Preferential induction of cytochrome P450 1A1 over cytochrome P450 1B1 in human breast epithelial cells following exposure to quercetin

         (Mense, Chhabra et al. 2008) Download

Estrogen metabolism is suggested to play an important role in estrogen-induced breast carcinogenesis. Epidemiologic studies suggest that diets rich in phytoestrogens are associated with a reduced risk of breast cancer. Phytoestrogens are biologically active plant compounds that structurally mimic 17beta-estradiol (E(2)). We hypothesize that phytoestrogens, may provide protection against breast carcinogenesis by altering the expression of estrogen-metabolizing enzymes cytochrome P450 1A1 (Cyp1A1) and 1B1 (Cyp1B1). Cyp1A1 and Cyp1B1 are responsible for the metabolism of E(2) to generate 2-hydroxyestradiol (2-OHE(2)) and 4-hydroxyestradiol (4-OHE(2)), respectively. Studies suggest that 2-OHE(2) and 2-methoxyestradiol may protect against breast carcinogenesis, while 4-OHE(2) is carcinogenic in rodent models. Thus, agents that increase the metabolism of E(2) by Cyp1A1 to produce 2-OHE(2) may have chemoprotective properties. The human immortalized non-neoplastic breast cell line MCF10F was treated with quercetin at 10 and 50muM concentrations for time points ranging from 3 to 48h. Total RNA and protein were isolated. Real-time PCR was used to measure the expression of Cyp1A1 and Cyp1B1 mRNA. Quercetin treatment produced differential regulation of Cyp1A1 and Cyp1B1 mRNA expression in a time- and dose-dependent manner. Treatment with 10 and 50 microM doses of quercetin produced 6- and 11-times greater inductions of Cyp1A1 mRNA over Cyp1B1 mRNA, respectively. Furthermore, quercetin dramatically increased Cyp1A1 protein levels and only slightly increased Cyp1B1 protein levels in MCF10F cells. Thus, our data suggest that phytoestrogens may provide protection against breast cancer by modulating expression of estrogen-metabolizing genes such that production of the highly carcinogenic estrogen metabolite 4-OHE(2) by Cyp1B1 is reduced and the production of the less genotoxic 2-OHE(2) by Cyp1A1 is increased.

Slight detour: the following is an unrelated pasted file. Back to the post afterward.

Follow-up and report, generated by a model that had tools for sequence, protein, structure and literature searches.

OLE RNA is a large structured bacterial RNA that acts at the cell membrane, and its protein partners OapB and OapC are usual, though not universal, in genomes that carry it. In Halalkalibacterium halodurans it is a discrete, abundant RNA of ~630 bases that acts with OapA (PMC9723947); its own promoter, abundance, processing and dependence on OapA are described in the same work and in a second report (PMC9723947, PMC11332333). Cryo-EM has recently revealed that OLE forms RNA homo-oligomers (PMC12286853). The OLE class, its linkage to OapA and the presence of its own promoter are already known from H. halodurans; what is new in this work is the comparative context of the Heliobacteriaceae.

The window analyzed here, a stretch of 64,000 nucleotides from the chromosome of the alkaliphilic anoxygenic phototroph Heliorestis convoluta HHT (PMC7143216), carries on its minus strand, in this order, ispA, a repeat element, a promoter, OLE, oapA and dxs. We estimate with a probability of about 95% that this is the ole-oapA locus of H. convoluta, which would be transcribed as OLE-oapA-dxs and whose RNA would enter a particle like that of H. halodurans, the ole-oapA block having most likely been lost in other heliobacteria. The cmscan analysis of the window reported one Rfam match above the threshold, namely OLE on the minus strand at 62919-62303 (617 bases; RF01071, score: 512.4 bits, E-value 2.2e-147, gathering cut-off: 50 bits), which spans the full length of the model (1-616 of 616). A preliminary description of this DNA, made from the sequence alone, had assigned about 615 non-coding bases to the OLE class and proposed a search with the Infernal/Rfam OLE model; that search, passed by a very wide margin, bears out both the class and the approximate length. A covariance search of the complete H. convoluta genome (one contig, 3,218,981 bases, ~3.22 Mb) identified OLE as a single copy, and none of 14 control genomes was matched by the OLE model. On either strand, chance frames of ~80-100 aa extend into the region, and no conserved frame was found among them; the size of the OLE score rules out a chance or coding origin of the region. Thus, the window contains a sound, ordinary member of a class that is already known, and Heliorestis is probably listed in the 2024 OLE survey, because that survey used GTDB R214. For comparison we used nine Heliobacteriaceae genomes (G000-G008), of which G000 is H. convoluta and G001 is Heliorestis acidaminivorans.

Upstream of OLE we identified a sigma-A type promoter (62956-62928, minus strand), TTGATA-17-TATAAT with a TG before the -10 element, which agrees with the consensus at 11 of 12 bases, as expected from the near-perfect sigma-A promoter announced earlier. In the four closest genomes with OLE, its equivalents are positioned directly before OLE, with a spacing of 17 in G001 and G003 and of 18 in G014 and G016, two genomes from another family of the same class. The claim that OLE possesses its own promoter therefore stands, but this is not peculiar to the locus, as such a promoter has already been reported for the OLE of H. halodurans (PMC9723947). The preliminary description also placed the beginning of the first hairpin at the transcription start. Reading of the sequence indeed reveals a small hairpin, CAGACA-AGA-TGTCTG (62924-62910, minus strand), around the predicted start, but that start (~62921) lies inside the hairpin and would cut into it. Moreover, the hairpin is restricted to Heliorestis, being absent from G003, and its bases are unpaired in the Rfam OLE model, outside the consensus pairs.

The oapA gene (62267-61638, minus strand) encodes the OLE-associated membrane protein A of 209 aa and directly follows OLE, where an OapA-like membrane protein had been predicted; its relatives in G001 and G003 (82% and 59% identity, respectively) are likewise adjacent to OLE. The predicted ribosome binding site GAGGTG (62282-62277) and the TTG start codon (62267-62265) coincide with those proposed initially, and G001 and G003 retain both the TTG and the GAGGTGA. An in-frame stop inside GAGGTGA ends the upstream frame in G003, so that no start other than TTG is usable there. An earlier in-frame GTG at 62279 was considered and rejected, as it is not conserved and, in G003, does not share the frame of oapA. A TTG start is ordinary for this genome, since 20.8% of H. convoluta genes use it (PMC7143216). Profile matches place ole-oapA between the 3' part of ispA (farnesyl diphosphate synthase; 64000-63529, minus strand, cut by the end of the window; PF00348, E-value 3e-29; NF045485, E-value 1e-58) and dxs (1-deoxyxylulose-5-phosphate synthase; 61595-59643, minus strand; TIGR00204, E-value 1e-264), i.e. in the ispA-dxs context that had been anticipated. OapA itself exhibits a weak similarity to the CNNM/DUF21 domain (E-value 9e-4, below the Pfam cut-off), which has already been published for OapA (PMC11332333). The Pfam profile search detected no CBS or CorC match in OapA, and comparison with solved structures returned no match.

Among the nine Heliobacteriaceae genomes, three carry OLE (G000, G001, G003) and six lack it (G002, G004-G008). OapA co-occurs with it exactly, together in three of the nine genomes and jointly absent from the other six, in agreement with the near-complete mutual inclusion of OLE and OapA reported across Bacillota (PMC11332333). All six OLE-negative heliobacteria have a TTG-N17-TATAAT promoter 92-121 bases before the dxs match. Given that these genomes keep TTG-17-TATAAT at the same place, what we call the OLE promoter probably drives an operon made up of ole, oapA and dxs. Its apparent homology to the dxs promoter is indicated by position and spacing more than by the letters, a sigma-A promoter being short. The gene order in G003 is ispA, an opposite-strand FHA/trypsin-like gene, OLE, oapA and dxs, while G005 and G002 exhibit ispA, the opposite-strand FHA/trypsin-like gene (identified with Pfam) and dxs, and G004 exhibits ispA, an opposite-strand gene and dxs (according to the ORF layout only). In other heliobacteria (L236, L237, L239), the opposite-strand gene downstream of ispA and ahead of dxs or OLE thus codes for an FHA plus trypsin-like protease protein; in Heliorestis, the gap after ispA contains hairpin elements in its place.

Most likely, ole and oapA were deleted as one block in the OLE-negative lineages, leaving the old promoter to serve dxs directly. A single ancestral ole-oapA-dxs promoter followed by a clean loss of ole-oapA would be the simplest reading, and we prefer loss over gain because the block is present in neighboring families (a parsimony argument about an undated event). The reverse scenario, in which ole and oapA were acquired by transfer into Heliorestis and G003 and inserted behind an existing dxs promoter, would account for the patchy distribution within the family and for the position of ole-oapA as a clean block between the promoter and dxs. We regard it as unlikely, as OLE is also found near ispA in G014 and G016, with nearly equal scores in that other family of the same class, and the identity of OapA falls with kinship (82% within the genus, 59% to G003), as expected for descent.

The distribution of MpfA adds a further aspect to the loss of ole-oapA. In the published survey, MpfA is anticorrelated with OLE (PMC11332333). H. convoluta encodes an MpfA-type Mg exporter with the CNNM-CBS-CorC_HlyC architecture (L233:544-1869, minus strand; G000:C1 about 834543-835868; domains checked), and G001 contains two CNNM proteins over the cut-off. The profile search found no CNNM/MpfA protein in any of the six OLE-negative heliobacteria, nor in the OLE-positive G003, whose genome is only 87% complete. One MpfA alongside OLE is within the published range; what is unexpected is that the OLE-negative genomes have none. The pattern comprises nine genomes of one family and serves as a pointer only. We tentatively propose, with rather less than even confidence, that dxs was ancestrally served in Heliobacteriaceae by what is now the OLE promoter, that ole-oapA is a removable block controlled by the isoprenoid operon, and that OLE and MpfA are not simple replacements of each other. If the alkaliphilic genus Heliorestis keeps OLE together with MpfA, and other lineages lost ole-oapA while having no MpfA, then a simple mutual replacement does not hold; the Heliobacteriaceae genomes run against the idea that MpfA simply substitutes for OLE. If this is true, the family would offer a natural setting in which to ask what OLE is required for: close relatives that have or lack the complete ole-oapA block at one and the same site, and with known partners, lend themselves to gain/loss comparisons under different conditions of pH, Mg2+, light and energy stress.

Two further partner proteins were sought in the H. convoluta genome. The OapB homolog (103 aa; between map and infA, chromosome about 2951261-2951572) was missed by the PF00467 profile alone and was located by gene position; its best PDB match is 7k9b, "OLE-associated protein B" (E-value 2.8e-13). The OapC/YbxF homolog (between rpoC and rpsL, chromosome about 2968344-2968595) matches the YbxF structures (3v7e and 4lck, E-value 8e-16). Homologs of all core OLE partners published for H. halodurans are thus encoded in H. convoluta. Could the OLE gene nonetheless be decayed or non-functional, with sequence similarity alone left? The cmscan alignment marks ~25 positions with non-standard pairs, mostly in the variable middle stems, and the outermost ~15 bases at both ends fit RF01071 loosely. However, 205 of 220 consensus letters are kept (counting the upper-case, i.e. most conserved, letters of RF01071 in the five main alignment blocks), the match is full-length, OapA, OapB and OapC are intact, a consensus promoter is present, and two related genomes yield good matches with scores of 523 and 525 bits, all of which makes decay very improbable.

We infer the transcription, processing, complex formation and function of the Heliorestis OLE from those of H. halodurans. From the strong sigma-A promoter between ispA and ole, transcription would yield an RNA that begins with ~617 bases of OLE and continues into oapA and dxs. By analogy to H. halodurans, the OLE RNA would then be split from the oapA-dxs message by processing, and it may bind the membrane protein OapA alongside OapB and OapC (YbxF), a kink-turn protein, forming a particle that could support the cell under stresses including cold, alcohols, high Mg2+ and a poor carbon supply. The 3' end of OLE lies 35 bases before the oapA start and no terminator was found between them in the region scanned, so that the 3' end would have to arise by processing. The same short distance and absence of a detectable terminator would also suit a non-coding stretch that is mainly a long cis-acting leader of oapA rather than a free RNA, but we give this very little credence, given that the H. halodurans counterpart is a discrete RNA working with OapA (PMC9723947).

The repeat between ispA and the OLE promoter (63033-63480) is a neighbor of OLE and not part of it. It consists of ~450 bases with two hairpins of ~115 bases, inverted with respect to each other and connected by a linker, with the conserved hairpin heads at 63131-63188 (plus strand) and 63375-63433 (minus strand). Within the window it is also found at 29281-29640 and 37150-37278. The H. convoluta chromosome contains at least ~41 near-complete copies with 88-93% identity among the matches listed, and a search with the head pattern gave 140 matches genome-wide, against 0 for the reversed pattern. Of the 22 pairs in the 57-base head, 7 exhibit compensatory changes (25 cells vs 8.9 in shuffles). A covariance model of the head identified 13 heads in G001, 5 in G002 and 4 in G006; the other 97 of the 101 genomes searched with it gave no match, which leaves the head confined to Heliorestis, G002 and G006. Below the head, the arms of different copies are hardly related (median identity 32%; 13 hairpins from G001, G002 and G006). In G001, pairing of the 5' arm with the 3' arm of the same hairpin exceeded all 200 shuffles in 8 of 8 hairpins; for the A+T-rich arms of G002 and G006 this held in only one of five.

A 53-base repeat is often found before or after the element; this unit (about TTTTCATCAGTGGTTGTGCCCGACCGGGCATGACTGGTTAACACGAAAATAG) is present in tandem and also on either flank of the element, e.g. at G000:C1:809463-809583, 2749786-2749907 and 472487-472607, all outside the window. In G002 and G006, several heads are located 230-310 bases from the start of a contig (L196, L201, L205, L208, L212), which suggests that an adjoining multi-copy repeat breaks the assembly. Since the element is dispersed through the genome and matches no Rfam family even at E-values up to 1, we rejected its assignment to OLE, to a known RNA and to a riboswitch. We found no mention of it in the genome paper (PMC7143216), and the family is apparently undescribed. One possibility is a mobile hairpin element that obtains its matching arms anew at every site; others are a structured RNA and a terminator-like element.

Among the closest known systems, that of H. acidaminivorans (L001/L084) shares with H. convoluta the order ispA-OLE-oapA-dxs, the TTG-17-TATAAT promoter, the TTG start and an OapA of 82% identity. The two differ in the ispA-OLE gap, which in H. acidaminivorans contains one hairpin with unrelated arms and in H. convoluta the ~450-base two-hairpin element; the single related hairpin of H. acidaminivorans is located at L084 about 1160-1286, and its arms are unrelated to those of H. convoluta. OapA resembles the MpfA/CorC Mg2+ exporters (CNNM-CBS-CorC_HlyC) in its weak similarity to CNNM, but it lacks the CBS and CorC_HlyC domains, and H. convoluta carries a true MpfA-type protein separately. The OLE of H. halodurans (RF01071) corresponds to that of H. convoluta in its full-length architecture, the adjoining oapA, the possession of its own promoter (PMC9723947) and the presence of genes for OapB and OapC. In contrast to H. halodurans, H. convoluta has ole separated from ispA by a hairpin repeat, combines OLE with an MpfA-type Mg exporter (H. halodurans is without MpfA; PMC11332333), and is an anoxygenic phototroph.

Urinary estrogen metabolites during a randomized soy trial

         (Morimoto, Conroy et al. 2012) Download

One of the hypothesized protective mechanisms of soy against breast cancer involves changes in estrogen metabolism to 2-hydroxy (OH) and 16alpha-OH estrogens. The current analysis examined the effect of soy foods on the 2:16alpha-OH E(1) ratio among premenopausal women during a randomized, crossover intervention study; women were stratified by equol producer status, a characteristic thought to enhance the protective effects of soy isoflavones. The study consisted of a high-soy diet with 2 soy food servings/day and a low-soy diet with <3 servings of soy/wk for 6 mo each; estrogen metabolites were measured in 3 overnight urines (baseline and at the end of the low- and high-soy diet) using gas chromatography mass spectrometry for the 82 women who completed the study. Urinary isoflavonoids were assessed by liquid chromatography mass spectrometry. When applying mixed models, the 2:16alpha-OH E(1) ratio increased (P = 0.05) because of a nonsignificant decrease in 16alpha-OH E(1) (P = 0.21) at the end of the high-soy diet. Similar nonsignificant increases in the 2:16alpha-OH E(1) ratio were observed in equol producers (P = 0.13) and nonproducers (P = 0.23). These findings suggest a beneficial influence of soy foods on estrogen metabolism regardless of equol producer status.